The top 10 best acoustic Led Zeppelin songs

A photograph of Led Zeppelin on stage playing an acoustic set in 1972
(Image credit: Getty Images)

Undisputed masters of light and shade, Led Zeppelin’s raw power was always tempered by a gentler, introspective side, often set in a context of eastern tunings, folkish instrumentation and quasi-mystical lyrical matter. The lion’s share of Zeppelin’s acoustic brilliance was written and heavily informed by stays in the Welsh countryside; the pastoral surroundings providing muse-like inspiration to the hard-touring musicians. 

Remarkably, all of these tracks were written within a window of only a few years at the start of the band’s career, and though they occasionally returned to the acoustic form, nothing ever quite bettered these initial bursts of beauty. Here’s ten of them.

10. Bron-Yr-Aur (1975)

Correctly spelled by 1975 and the shortest track in the canon, this elegant, wistful remnant – originally written for Led Zeppelin III in 1970 – shimmers with squeaks, scrapes and sibilant reverb. Expertly used in The Song Remains The Same as the jet-lagged band are whisked through the morning streets of New York, bleary-eyed, it serves as quick line check to the plugged-in power that follows.

9. Black Mountain Side (1969)

Famously ‘learned’ from Bert Jansch with whom Page was self-admittedly obsessed at the time, this gets the nod ahead of other contenders due to the sheer technical prowess on display. It also serves as a classic example of Page’s musical fanaticism – magpie instincts driven by singular fixations, filtered and remoulded into sums greater than their parts. It’s not always disingenuous to suggest plagiarism and infatuation can be sides of the same coin.

8. Thank You (1969)

Marking the point where Plant grew into himself as a lyricist (Page: “I always knew he would”), and delivering a cracked, heartfelt paean to his wife – even if it was part motivated by guilt – there’s also some highly effective pop nous on the chorus, curiously bolstered by Page’s relatively weak backing vocals. Widely covered, versions range from the surprisingly great (Duran Duran), the idiosyncratic (Tori Amos), to the quick-call-the-police (Fred Durst, Wes Scantlin).

7. Hey, Hey What Can I Do (1970)

Though undoubtedly leveraged into its high standing due to its relative unavailability – B-side to Immigrant Song in 1970, not reappearing until 1990’s box set - there’s something awe inspiring about a band who can afford to side-line such obvious riches. John Paul Jones adds acoustic guitar to his Zeppelin CV, his mandolin and bass already driving the track, and Plant’s woman woes take centre stage, again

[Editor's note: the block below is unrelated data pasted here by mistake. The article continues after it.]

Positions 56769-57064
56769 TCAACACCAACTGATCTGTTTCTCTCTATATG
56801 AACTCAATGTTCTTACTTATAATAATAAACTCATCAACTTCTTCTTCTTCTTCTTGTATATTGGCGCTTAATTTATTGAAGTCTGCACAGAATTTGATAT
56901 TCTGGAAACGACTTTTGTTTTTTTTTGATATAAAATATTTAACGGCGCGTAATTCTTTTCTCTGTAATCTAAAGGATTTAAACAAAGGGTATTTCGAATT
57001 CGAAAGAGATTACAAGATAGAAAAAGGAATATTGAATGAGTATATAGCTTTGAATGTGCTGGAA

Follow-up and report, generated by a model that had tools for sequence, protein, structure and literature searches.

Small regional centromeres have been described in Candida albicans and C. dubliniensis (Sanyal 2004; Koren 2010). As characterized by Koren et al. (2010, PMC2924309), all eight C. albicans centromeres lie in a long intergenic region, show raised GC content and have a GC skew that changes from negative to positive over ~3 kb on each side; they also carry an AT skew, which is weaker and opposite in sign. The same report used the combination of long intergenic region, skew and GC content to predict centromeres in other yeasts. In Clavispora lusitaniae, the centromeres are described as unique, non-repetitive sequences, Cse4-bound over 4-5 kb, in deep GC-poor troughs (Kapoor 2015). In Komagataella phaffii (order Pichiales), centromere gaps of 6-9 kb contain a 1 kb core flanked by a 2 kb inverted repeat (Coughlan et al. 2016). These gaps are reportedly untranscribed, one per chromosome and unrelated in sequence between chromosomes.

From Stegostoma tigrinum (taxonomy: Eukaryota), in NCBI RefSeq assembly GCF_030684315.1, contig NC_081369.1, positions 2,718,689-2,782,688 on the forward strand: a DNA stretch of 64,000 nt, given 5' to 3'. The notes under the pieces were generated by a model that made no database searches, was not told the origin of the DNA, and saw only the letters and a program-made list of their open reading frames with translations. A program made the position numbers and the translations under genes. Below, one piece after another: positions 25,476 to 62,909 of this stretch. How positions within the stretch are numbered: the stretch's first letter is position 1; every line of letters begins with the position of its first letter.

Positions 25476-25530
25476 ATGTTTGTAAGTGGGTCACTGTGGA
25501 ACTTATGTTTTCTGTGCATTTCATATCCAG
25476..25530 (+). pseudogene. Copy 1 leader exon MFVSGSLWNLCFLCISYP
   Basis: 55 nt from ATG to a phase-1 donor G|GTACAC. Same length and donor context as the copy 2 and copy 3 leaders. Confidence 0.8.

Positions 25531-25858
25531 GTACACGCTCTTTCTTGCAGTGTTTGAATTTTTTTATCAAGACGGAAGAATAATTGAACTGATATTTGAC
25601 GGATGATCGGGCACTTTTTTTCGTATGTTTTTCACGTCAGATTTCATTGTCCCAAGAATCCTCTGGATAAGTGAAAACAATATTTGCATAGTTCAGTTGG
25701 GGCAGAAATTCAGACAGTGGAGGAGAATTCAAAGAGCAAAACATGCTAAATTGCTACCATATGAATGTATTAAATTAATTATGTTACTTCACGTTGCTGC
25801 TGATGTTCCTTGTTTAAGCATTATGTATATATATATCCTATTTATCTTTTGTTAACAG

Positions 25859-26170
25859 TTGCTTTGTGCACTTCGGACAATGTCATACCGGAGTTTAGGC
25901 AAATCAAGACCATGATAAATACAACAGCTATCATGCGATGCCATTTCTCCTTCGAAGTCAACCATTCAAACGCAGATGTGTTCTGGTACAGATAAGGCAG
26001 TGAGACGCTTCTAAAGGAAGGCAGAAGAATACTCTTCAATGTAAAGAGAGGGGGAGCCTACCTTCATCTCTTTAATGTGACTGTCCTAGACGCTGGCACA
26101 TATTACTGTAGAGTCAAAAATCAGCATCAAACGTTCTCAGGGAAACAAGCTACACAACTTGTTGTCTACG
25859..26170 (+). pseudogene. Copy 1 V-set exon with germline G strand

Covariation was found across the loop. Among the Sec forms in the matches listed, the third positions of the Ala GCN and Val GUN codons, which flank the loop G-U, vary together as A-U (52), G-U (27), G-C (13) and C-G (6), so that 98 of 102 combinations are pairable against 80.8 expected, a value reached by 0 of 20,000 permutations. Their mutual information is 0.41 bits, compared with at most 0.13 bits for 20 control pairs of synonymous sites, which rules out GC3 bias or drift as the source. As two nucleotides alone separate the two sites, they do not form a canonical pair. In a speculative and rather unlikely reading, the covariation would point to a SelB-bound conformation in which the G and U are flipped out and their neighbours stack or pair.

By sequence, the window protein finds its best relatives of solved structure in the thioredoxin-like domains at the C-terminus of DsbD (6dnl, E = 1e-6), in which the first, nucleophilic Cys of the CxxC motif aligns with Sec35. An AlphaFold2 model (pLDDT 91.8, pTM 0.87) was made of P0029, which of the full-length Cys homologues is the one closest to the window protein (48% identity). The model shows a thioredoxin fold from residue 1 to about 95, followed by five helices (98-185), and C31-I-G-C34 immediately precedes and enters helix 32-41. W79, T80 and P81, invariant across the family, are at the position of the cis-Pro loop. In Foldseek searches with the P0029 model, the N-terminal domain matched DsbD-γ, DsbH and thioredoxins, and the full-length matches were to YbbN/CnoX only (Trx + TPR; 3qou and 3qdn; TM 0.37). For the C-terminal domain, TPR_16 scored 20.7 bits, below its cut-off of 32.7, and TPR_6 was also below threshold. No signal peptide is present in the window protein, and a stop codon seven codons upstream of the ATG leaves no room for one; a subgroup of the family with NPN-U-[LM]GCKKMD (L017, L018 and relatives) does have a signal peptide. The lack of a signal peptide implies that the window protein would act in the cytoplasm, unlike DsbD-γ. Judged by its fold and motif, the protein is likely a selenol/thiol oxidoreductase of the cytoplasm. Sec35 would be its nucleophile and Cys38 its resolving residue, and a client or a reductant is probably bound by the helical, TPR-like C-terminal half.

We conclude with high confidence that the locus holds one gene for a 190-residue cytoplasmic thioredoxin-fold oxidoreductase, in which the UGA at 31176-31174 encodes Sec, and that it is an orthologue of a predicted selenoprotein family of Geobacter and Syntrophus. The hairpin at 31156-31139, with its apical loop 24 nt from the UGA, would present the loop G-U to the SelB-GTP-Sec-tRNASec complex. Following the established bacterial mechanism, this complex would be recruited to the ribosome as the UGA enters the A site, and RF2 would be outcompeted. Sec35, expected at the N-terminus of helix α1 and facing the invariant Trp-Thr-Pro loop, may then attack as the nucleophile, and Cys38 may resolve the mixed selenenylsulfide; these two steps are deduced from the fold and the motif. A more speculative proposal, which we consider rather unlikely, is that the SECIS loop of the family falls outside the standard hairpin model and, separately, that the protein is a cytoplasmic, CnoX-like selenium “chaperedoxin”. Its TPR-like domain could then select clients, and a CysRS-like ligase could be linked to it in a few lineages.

6. Gallows Pole (1970)

Mistakenly attributed as a derivative of Leadbelly’s Gallis Pole, the lineage of this unhappy medieval tale of vain noose-bound delay can be plotted centuries back to the English folk song The Maid Freed From The Gallows. Tellingly, there’s no freeing going on in Zep’s version. Gathering in both pace and intensity as the drama unfolds, the Unledded version makes great use of a hurdy-gurdy: an instrument that predates the song by another few hundred years.

5. The Battle Of Evermore (1971)

Lyrically, another mystic mash up of Celtic history, Middle-Earth musings and the fairylands of Albion, Page’s rudimentary mandolin skills effortlessly complement the call-and-response narrative. Sandy Denny’s role of town crier to the people was rewarded by her very own symbol – three inverted triangles – tucked away on the album’s inner sleeve. It’s the closest the band ever strayed towards the rustic folk sensibilities of Jethro Tull.

4. Babe I’m Gonna Leave You (1969)

First heard outside of the folk scene on a Joan Baez album, Page’s sizeable reworking of this Anne Bredon tune is the first airing of Plant’s ‘Baby, baby, baby’ trademark. A masterclass in what can be achieved with a quick right hand and an A-minor chord, the ghost of Davey Graham’s Anji hovers nearby, eventually banished by some flamenco flourishes and Bonham’s heads-down heft.

3. Ramble On (1969)

An early reveal of the band’s beloved light/shade dynamic, Plant’s somewhat random conflation of Tolkien references with the odd tokenistic fair maiden chucked in might not make much narrative sense, but has proved to be a rock radio staple for decades. Speculation on the gently propulsive rhythm under Page’s percussive acoustic has been whittled down to John Bonham tip-tapping on either a sofa, his knee, or a guitar case. The smart money is on the latter.

2. That’s The Way (1970)

Originally titled The Boy Next Door, and another fruit of the Bron-Yr-Aur sessions, this bucolic meditation on life and love’s many splendours sparkles in its complacency. Page’s touch is so light it’s tempting to suspect studio trickery, but no. The whole thing is milky-smooth, almost cockily-relaxed and utterly definitive: an encapsulation of their acoustic abilities.

1. Going To California (1971)

The Hollywood hiraeth felt by Page and Plant while ensconced in rural Wales manifested itself in an unadorned love letter to Joni Mitchell and other notable blissed-out dwellers of Laurel Canyon. Plant’s near-naïve reflections on his sun-kissed introduction to the state’s enchantments adds acres of charm and pathos belying his tender years. Iced by Page’s modal drone-picking and Jones’ gossamer mandolin, the version on 2003’s DVD (Earls Court, ‘75) in particular is a thing of wonder.

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Tim Batcup

Tim Batcup is a writer for Classic Rock magazine and Prog magazine. He's also the owner of Cover To Cover, Swansea's only independent bookshop, and a director of Storyopolis, a free children’s literacy project based at the Volcano Theatre, Swansea. He likes music, books and Crass.